As a part of the acquisition of the Far-Eastern business, the Dutch merchants had to tackle the competition not merely with the European rivals but also with Asia's traditional dealers, the Armenians, the Javanese, the Chinese, the Bengalis, the Arabs and the Persians. Dutchmen were helped considerablly in this fight by the fact that Indonesia, the first and most crucial area of their expansion, was open to each essential economic regions of Asia through its Hindu, Chinese and Mohammedan population.
The question of the Far-Eastern colonization divided the Dutch East-Indian Company's leadership. The governor of the Indonesian areas, Jan Pieterszoon Coen (1617-23; 1627-29) was one of the most enthusiastic supporters of colonization, built fortifications, lured Dutch settlers into the Far East, but the governor having long term plans was called back because of the growing expenses. This conflict between the dealers and the colonists accompanied VOC through its history.
The Far-Eastern Dutch presence stabilized the foundation of Batavia (Jakarta, Indonesia) in 1619 definitively.
Batavia was the heart of the cobweb-like commercial empire connecting the spice islands. The company's representatives
received commercial privileges because the VOC provided the shogun the defeat of the Christian Japanese peasants' insurrection.
Figure 38. Dutch expansion in Africa and Asia at the Early Modern Times (N. Canny: Europeans on the Move. Studies on European Migration, 1500-1800, Oxford 1994, pp. 170-171.)
The company's leadership had to reckon, that a lasting presence is not possible in the Indonesian archipelago without keeping contact with India. In the 16th and 17th centuries, Dutch dealers had to avoid the Indian ports as a consequence of Portuguese ship threats. The first attempts for a foundation of a commercial settlement, with a changing result, happened at the Malabar coast at Surat between 1605 and 1621. Dutch dealers appeared in the second part of the 1610s in Broach, Cambay, Ahmedabad, Agra and Burhanpur. VOC consolidated its positions in the island of Ceylon in 1638, and it won over Kochi (India) from the Portuguese in 1665.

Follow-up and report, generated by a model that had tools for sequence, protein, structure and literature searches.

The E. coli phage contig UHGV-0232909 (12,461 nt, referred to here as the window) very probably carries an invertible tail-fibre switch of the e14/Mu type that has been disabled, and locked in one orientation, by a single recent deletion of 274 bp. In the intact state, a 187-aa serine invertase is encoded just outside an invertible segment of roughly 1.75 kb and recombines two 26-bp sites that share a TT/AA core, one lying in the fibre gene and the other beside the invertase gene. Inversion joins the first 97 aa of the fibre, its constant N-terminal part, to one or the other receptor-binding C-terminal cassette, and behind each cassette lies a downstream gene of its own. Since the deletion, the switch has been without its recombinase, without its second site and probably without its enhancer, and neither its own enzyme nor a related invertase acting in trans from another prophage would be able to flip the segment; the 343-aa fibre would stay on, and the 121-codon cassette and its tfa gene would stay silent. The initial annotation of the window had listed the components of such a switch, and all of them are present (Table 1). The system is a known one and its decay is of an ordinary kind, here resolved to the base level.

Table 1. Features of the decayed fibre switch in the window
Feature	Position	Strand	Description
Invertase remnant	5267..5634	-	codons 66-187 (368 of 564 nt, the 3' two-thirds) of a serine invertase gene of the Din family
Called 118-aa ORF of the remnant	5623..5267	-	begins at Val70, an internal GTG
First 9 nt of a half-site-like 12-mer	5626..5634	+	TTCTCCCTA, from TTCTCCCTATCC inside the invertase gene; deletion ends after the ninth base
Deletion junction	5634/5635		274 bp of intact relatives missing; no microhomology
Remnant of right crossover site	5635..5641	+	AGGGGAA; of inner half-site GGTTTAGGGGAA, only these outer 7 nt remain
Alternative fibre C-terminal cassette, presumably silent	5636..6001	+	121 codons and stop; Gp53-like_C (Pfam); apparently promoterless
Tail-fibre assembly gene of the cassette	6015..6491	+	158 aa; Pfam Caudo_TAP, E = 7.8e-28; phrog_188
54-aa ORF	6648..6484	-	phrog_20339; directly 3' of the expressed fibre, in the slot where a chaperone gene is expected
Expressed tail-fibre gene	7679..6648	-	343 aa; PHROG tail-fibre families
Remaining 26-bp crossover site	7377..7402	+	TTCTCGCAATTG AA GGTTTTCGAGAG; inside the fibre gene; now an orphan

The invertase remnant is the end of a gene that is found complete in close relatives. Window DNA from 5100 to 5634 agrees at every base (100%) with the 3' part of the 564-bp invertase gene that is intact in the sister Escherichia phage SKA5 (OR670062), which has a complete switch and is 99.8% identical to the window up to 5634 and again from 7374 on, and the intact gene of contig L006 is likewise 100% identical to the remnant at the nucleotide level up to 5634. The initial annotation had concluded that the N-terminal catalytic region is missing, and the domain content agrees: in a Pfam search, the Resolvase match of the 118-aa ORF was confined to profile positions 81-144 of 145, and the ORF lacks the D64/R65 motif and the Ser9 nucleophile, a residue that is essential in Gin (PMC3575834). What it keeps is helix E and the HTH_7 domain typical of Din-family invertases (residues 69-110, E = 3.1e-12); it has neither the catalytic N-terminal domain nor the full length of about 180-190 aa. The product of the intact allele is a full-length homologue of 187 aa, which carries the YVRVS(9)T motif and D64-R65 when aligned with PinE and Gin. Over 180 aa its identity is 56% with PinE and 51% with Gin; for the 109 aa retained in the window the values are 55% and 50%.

Dutch commercial capitalism reached its real dimensions in this Southeast Asian area with colossal expansion. The borders of the fragile retail empire built up by the Dutch East-Indian Company from Mozambique were extended until Japan through Macao, where the Dutch settlements' network was not too dense.
Still, the contacts were rather intensive,
that let the network to operate as a coherent system.
The Dutchmen most often did not make anything else in the Far East, than merely taking the place of the eliminated Portuguese. It is indicative of the Portuguese and the Dutch experiences that the English coming forward with the claim of the commercial expansion created their own Trade Companies. The English launched long maritime discovery travels, like Drake in 1578, and Lancaster in 1592, with the consideration of the areas to be conquered. The Dutch merchants and sailors never smashed up the African-Indian Portuguese realm totally, but the English did this task in the 18th century.